Interesting title for the Recovering Farmer. Perhaps, at least at the outset, got you thinking about what you would read in the words to come. Obviously the term “coming out of the closet’ has, at least traditionally, been associated with gay or lesbian people. I want to take you down another path and give you another perspective of “coming out”. Some ideas that resonated with me from a podcast by Ash Beckham.
Often in the past I have facetiously admitted to being in the closet about various things going on in my life. I was a closet smoker because smoking was a sin and a big no-no in the home I grew up in. I was a closet drinker for years. Again a big no-no for more than solely religious reasons. When it became more of a crutch I did not want people to know how much I drank. I was in the closet with my mental health issues because of the stigma attached to it.
As I heard a new perspective about being in the closet I came to a better understanding of who I am, who I have been, and how this fits into a lot of the work I do. Beckham suggested that all of us have closets we hide in. And by her definition being in the closet simply means that a hard conversation needs to happen. Perhaps it is being gay or lesbian. Perhaps it is smoking or drinking or drugs. Perhaps it is mental health issues such as depression or anxiety. Perhaps it is a financial issue. A relational issue. A physical health issue. It can be one or it can be more than one.
Being confined in a closet is not a pleasant thought. Use your imagination. Normally closets are dark and lonely places. It has the potential to fill us with fear, shame, embarrassment, and guilt. Regardless of the issue we are loath to talk about we visualize the response from others and the backlash it might create. We are so consumed by the issue (s) we compare ourselves to others and wish we could trade places. Because surely their life is better than ours. Their problems less than mine because nothing can be as bad as what I am experiencing. We differentiate between closets and make judgement on others. Often thinking no one understands. No one else is hurting so why would they care. Forgetting that “hard” is subjective. It is relevant. Forgetting that the ones we wish to trade with are experiencing fear and pain just like us. It is difficult and a hard conversation to have.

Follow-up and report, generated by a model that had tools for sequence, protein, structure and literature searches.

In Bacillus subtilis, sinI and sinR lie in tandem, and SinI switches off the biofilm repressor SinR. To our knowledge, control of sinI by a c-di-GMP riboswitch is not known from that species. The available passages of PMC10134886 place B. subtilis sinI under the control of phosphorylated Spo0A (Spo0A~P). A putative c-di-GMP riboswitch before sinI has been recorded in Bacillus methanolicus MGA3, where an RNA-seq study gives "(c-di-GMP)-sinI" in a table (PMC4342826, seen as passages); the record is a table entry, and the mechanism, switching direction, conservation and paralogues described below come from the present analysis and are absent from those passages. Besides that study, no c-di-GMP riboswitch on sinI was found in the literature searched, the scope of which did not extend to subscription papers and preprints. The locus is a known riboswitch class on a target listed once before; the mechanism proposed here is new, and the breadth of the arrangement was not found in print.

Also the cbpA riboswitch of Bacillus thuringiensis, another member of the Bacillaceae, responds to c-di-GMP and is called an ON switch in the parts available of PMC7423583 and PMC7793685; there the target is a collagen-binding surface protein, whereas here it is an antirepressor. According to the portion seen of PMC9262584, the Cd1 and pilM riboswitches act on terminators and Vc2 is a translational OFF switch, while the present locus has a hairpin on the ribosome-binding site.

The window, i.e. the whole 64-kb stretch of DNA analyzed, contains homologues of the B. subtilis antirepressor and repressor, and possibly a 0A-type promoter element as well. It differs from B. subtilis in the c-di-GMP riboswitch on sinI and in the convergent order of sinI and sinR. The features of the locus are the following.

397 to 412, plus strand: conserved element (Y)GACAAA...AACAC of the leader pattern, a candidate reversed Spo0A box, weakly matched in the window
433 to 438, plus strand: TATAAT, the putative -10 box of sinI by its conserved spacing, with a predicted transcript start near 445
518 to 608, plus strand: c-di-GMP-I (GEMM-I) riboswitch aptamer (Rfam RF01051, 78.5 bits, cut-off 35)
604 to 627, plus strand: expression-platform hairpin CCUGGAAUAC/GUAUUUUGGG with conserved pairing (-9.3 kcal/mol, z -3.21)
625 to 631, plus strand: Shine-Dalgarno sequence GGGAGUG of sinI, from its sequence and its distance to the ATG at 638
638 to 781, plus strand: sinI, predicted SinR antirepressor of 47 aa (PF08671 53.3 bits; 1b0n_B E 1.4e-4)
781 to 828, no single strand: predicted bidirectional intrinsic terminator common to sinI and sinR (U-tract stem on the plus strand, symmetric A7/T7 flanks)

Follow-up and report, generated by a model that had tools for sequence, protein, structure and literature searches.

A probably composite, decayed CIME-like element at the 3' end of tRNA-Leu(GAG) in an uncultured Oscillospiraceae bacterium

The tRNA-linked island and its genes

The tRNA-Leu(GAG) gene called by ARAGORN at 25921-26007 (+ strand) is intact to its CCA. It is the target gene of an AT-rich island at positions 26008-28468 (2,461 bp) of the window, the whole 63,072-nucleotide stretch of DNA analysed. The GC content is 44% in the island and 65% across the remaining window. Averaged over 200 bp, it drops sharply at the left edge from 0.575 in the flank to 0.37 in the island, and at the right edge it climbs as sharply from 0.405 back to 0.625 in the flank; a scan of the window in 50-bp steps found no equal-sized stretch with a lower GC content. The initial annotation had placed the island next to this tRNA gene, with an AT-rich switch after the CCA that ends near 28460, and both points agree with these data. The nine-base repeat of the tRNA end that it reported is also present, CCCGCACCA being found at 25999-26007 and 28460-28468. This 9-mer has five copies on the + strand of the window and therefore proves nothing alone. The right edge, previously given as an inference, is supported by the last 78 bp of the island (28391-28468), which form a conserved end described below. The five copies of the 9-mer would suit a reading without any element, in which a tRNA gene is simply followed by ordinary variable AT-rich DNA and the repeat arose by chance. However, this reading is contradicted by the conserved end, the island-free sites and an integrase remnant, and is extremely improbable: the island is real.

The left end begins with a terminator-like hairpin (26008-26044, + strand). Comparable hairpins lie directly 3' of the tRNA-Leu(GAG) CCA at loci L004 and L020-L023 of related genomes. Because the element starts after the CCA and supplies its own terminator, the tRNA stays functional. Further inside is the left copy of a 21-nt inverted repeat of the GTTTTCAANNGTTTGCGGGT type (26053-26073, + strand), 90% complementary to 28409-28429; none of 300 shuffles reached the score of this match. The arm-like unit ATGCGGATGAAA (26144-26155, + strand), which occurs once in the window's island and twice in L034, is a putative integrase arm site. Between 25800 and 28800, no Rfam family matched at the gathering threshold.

So we need to be real. We need to have these hard conversations. They will provide relief and a better life. But how? Beckham listed 3 things we need to do. First of all be authentic. Knock down the walls. Show vulnerability (there is that word again). Secondly be direct. Just say what it is. Don’t say I may be depressed/gay/sick/have a drinking problem/etc. That just leads to false hope and expectations, for you and for others. And thirdly don’t be apologetic. It is what it is.
So come out of the closet. Free yourself from the darkness around you. If it is a lifestyle choice let it be known. Be proud of who you are and who you want to be. There are those that will “get it” and be supportive. People will understand. If they don’t so be it. That then becomes their problem, not yours. If you are dealing with issues that you need help with talk about them. Find the support and help you need to overcome and to heal. Start living life the way it was meant to be lived. Be who you were meant to be. Make it a good one.
“The tragedy of life is not that it ends so soon but that we wait so long to begin it.”